Sarah Ballantyne, author of the groundbreaking Autoimmune Protocol book The Paleo Approach: Reverse Autoimmune Disease and Heal Your Body, is one of the most brilliant people I know. She writes at ThePaleoMom.com, and at that site as well as in her book, she outlines a very specific, very effective, and therefore necessarily very limited approach to paleo eating. If broken, it heals your gut.
By healing your gut, you heal a lot of other things, too.
It’s remarkable. Sarah has had had success with… I’m going to guess, and correctly, I believe, hundreds of thousands of people.
So short story is: the autoimmune protocol Sarah (and others, like one of my favorite women, Eileen Laird) outlines and advocates is the. bomb. digs.
But I’ve always been wary.
For two reasons. 1) People without autoimmune diseases often eat an AIP for the sake of “better health.” But this is silly, because I and AIP advocates alike think it’s unnecessary, and doesn’t even benefit your health really, necessarily, unless you’re autoimmune. 2) People use this as an excuse to eat a controlled way of eating. 3) People sometimes feel unduly restricted on AIP and develop disordered behaviors. 4) People have a hard time transitioning out of AIP. 5) Obviously there are more than two reasons.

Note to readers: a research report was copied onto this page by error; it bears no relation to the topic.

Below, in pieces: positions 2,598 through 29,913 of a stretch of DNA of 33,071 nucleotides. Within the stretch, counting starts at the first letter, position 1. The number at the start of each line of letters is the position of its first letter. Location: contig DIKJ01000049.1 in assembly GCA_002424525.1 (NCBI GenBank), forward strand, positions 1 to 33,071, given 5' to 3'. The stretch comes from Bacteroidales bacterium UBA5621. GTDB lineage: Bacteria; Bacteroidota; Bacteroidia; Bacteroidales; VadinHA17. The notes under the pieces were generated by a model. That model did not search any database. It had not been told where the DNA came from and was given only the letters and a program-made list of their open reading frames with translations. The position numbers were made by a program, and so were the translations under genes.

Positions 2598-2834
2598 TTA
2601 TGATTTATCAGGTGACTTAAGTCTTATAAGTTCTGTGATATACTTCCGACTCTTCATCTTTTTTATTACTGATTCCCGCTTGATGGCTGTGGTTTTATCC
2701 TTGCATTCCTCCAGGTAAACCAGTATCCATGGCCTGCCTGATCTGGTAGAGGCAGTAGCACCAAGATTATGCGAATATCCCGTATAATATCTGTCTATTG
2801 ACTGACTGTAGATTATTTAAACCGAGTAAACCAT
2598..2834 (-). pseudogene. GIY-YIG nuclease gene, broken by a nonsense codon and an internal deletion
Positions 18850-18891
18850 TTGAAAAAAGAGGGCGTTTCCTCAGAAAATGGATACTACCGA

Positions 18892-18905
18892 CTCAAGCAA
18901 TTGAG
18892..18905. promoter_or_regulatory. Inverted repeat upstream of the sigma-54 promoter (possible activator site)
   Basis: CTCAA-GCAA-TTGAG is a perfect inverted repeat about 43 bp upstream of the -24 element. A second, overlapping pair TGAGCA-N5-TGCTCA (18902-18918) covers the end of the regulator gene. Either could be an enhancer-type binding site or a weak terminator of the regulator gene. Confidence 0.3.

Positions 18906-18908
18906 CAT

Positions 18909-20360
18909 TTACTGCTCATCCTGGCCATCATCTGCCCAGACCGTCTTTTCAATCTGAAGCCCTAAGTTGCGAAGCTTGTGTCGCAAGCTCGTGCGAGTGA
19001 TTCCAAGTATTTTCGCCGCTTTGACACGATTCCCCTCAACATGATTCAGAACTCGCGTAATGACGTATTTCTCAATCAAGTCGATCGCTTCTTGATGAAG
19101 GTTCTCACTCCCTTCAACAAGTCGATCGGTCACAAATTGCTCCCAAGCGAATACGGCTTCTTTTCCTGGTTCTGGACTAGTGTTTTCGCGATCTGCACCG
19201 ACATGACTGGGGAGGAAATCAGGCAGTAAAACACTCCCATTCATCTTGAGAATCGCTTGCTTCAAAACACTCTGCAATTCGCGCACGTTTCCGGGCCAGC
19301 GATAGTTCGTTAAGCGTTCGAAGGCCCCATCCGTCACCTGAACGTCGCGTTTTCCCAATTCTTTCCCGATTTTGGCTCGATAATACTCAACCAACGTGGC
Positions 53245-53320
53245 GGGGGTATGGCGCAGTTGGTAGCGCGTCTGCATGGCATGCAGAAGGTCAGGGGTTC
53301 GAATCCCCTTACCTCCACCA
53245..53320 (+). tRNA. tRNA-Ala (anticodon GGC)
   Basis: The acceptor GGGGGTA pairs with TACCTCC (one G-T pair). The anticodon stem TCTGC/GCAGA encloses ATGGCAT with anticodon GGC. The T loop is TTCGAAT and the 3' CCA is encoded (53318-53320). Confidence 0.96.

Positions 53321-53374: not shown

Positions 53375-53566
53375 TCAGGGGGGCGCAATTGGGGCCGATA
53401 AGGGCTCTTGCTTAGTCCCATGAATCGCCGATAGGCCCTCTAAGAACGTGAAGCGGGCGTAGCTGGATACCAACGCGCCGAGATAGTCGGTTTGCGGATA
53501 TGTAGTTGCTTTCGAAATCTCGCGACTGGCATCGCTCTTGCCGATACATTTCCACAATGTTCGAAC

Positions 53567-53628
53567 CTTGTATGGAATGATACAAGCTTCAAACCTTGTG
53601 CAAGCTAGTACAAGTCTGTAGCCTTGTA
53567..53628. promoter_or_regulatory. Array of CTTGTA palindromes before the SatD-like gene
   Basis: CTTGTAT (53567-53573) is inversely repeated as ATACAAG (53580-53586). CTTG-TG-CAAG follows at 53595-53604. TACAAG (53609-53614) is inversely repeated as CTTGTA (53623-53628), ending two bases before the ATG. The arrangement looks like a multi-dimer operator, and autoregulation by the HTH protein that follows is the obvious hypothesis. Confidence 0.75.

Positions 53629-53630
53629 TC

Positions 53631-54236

(And no, to answer my title’s question, the AIP doesn’t always beget disordered eating. But there’s definitely a “but” that belongs, hanging, at that end of that statement. “The AIP doesn’t beget disordered eating, but…”)
So anyway. I did an interview talking about these things with an AIP advocate named Eileen Laird, who writes at Phoenix Helix.com (what an amazing brand name, holy hell), who’s brilliant and lovely. There’s a lot of psychological stuff that swirls around AIP: fear of death, fear of illness, fear of freedom..